What is the net of a polyhedron? It is simply a sheet of cardboard whose folding gives the polyhedron. – May you answer. This is true, but there’s more. The concept of the net of a polyhedron contains something more than just a sheet of cardboard.

Which polyhedron can be achieved by folding the familiar Latin cross? The cube, of course. For this we should colour the edges, as our magic brush did (the edges of the same colour are glued to each other in the polyhedron).

However, it would be better to colour with different colours not the edges, but each pair of points. This should correspond to giving, as it is said in mathematics, the conditions of edges’ gluing.

After that the conditions of edges’ gluing are given, the edges located inside the sheet of cardboard are uniquely defined, according to a theorem by A.D. Aleksandrov.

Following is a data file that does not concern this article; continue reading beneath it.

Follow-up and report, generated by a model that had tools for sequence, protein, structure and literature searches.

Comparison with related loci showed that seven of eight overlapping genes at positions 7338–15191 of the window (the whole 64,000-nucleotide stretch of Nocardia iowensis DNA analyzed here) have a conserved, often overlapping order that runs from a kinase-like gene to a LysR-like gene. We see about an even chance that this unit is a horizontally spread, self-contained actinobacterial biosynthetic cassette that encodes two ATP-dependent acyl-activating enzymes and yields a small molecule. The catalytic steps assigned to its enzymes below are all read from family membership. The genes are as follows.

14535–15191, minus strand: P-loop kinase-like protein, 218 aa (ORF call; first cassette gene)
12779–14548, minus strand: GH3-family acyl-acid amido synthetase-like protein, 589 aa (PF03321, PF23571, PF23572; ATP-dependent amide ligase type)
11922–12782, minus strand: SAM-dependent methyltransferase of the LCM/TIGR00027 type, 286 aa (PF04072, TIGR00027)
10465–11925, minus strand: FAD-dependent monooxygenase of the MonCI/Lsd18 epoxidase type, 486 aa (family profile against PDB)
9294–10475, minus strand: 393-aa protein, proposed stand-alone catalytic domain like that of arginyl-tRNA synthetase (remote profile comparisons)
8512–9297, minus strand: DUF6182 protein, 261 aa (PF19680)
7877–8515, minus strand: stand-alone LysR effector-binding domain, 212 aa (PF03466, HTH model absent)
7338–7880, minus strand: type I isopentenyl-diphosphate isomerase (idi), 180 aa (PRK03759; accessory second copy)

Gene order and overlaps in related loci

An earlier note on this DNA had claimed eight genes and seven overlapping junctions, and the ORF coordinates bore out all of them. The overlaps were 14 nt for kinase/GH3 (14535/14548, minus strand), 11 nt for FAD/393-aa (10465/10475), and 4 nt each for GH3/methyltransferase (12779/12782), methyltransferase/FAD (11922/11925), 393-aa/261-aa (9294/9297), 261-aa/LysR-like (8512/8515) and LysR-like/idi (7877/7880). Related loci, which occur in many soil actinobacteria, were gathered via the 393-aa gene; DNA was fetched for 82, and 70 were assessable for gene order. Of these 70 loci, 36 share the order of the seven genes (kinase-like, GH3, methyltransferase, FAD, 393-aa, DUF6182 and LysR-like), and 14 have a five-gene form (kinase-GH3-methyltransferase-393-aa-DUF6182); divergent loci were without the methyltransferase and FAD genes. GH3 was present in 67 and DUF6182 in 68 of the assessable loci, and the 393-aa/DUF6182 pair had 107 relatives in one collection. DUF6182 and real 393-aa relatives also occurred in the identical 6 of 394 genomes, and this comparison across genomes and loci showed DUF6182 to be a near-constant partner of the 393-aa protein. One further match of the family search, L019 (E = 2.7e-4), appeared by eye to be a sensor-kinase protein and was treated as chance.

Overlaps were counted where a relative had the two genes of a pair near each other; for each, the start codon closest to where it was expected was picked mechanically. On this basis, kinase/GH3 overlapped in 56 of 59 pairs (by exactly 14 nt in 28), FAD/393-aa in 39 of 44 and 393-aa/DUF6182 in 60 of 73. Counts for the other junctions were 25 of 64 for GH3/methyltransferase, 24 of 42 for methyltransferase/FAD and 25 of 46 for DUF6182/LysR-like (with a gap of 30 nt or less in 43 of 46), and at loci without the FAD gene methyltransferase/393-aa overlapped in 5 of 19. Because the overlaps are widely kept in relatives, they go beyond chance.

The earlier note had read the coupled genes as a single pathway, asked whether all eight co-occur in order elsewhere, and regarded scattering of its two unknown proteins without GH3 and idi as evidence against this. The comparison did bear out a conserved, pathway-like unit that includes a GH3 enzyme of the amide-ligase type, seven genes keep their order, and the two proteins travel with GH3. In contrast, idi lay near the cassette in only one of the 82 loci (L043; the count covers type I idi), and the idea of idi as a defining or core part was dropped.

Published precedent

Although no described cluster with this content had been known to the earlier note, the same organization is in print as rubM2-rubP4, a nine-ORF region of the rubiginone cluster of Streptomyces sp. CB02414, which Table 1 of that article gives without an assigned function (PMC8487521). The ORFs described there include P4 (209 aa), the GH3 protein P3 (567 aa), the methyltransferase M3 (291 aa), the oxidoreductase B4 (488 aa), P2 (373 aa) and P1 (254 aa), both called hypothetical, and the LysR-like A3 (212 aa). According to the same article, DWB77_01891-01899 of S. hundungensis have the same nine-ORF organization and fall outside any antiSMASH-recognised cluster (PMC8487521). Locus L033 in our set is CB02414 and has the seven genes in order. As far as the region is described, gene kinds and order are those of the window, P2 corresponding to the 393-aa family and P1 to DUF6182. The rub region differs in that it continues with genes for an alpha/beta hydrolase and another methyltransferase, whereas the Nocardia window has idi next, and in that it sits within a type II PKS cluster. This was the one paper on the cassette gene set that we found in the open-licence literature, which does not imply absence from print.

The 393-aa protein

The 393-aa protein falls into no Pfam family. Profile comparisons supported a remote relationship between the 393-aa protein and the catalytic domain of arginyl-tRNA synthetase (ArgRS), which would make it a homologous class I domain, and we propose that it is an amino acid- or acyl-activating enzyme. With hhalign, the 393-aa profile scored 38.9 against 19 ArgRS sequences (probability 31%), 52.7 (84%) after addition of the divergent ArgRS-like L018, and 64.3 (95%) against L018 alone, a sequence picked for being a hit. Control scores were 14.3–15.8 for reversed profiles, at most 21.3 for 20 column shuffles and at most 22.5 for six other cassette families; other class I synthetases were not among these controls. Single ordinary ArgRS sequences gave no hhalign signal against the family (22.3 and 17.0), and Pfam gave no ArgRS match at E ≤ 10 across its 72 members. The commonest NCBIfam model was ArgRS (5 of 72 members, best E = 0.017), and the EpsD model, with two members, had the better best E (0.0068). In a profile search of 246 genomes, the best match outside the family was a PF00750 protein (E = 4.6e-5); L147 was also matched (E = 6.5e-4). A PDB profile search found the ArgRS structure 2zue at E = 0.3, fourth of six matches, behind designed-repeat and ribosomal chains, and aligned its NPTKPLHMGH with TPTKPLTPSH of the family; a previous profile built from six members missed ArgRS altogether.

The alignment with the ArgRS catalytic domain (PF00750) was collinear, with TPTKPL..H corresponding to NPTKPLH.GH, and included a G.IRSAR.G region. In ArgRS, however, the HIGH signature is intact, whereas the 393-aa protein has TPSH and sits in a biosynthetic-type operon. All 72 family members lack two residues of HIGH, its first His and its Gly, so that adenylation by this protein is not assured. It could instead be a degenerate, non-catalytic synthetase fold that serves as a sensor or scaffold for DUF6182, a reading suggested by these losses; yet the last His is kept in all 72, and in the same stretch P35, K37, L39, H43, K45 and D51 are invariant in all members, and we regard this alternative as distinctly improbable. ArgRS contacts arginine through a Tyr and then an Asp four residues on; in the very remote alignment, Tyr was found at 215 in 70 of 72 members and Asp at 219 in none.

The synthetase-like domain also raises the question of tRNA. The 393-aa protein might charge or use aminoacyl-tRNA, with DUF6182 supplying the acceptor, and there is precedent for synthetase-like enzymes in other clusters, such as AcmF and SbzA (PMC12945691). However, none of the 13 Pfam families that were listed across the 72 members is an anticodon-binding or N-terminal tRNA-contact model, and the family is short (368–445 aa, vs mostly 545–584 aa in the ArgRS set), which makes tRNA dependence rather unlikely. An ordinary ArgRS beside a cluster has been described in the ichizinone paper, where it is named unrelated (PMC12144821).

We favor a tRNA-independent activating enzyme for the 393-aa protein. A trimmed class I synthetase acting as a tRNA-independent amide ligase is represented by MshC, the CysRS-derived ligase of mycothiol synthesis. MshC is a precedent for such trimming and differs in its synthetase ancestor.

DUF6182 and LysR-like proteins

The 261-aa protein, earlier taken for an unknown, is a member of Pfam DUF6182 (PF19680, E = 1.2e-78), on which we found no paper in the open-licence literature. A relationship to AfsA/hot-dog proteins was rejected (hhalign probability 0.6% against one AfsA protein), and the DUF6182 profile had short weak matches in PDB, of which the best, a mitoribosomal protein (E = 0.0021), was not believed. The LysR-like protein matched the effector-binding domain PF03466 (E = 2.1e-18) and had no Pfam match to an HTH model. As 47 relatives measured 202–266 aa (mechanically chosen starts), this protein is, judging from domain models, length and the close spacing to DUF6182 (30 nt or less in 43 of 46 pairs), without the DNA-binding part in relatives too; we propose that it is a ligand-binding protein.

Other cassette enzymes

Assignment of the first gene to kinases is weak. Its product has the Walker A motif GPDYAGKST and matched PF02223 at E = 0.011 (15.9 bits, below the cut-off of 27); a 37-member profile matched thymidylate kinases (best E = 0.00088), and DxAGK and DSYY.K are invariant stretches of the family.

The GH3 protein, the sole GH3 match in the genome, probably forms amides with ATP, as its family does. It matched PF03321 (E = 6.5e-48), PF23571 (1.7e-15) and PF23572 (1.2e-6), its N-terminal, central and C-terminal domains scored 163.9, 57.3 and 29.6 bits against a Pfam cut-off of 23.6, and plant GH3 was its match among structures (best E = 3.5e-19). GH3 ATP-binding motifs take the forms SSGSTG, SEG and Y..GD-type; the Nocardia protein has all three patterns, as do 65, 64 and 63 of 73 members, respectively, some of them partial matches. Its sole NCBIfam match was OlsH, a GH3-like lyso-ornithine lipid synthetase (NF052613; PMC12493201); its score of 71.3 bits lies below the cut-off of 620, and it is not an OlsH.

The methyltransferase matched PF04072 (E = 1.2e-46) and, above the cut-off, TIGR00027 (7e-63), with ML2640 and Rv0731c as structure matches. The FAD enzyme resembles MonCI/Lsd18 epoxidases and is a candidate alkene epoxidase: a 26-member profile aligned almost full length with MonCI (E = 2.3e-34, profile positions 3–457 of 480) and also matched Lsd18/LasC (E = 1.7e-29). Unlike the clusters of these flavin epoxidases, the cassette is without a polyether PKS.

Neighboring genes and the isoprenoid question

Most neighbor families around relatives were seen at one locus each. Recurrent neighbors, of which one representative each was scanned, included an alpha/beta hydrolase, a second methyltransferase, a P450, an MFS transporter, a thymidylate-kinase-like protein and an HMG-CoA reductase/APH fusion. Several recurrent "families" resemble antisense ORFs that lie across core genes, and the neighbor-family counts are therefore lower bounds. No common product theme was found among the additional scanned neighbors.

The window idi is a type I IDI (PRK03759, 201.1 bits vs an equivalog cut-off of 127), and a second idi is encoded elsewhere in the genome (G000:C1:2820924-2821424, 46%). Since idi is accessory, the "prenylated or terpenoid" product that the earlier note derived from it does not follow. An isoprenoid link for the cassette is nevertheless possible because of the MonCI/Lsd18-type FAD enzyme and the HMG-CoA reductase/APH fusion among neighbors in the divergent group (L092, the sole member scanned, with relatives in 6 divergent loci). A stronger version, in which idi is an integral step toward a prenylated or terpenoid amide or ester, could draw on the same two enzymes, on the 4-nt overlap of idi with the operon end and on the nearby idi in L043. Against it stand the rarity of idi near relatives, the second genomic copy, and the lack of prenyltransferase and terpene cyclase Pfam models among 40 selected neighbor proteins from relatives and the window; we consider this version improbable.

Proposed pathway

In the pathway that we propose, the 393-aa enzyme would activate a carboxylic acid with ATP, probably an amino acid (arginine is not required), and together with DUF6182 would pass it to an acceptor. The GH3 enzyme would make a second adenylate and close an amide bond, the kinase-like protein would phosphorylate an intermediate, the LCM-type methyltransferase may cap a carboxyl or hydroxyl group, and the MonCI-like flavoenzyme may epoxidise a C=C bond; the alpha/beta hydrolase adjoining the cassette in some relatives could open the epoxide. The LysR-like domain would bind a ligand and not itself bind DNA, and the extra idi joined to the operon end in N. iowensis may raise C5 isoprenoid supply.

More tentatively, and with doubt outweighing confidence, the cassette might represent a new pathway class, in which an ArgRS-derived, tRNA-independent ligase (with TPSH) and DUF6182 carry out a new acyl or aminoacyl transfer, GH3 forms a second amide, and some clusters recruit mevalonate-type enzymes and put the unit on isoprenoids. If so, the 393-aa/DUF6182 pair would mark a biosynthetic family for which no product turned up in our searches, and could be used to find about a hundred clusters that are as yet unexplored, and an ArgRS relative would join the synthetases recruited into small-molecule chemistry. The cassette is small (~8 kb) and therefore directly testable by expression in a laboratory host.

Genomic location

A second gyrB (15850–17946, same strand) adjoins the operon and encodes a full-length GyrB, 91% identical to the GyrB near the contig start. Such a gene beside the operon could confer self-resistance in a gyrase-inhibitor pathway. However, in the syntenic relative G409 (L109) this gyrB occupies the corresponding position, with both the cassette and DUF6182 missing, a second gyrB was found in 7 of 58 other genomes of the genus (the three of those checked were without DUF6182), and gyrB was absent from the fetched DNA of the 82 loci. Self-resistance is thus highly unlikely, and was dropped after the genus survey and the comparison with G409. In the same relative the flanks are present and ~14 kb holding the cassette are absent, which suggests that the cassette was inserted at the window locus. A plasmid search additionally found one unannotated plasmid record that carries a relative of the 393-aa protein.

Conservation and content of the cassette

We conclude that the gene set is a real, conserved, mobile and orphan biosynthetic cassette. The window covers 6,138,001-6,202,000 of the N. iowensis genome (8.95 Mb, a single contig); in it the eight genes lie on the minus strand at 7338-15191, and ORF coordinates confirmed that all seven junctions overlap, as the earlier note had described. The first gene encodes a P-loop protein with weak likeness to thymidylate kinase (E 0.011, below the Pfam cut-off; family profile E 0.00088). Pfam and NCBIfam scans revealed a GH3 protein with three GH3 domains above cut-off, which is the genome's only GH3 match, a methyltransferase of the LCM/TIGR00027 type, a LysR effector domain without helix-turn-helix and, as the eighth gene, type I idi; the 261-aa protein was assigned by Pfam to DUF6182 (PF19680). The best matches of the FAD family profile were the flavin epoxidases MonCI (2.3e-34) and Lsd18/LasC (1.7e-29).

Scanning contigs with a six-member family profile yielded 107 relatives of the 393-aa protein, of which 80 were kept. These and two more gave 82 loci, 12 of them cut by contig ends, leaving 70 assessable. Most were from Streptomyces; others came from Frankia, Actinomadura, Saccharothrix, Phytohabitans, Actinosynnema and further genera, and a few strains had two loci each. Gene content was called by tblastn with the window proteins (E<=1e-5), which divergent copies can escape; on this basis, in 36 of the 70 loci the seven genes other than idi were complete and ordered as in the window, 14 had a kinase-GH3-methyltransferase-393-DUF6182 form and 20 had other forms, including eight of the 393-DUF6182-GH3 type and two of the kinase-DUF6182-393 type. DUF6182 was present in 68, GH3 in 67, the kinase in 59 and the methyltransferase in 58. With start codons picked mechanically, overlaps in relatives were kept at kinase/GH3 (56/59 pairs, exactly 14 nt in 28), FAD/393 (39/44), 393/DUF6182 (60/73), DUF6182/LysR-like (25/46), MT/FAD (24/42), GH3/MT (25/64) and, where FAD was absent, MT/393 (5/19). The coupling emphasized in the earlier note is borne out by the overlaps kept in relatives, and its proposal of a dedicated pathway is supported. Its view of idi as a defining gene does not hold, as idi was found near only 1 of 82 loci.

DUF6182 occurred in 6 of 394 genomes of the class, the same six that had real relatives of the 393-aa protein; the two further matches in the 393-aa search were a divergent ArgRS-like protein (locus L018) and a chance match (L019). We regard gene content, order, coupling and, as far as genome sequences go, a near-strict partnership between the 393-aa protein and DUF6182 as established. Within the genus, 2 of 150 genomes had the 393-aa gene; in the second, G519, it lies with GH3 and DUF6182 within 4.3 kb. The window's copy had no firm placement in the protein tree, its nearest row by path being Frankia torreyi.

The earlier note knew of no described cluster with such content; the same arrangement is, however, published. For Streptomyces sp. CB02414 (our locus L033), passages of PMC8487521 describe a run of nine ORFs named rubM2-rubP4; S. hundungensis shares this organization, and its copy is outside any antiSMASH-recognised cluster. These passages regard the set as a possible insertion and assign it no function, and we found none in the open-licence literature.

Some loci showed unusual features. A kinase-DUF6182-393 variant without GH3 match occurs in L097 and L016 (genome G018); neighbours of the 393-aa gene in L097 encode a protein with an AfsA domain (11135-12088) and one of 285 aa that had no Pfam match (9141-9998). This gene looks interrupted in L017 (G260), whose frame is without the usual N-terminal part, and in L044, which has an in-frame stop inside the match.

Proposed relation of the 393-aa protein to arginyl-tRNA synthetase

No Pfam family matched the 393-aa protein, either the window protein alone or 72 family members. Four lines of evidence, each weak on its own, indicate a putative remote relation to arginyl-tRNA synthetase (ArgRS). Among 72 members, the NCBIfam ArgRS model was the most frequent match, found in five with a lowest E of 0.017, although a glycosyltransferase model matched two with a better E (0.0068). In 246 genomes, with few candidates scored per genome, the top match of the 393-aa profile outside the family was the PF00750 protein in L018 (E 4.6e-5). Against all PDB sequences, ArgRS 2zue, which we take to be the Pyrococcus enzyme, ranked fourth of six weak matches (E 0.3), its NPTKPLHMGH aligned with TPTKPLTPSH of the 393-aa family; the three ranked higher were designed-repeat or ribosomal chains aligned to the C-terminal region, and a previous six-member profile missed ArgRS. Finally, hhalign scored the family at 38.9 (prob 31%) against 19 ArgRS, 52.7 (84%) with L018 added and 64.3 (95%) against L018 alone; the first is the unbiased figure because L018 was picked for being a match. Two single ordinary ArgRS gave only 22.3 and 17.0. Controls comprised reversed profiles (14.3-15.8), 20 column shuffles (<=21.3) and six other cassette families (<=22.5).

So from the Latin cross, you can get a cube.

But it happens that if the conditions are given otherwise, you can get something but a cube!

Our magic brush has coloured the edges here’s how. A final stroke of his and we already know how to define the edges within the piece of cardboard. Then we will construct a polyhedron, following the conditions of gluing just designed: we get a pyramid!

Not long ago it was shown that giving different conditions of gluing the edges of the Latin cross, you can get 5 different types of convex polyhedra.

So, as we have seen, the concept of net of a polyhedron dos not consist just of a sheet of cardboard, but also of the gluing conditions of its edges. If these conditions are not defined, then from the same piece of cardboard you may get different convex polyhedra.

A.D. Alexandrov. Convex Polytopes. (in Russian)

Anna Lubiw, Joseph O'Rourke. When Does a Polygon Fold to a Polytope.

E. Demaine. 85 variants of the Latin cross folding. (in Russian)

N.P. Dolbilin. Three theorems on polyhedra. (in Russian)

Parte 1 / / Kvant. 2001. N 5. p. 7-12.

Parte 2 / / Kvant. 2001. N 6. p. 3-10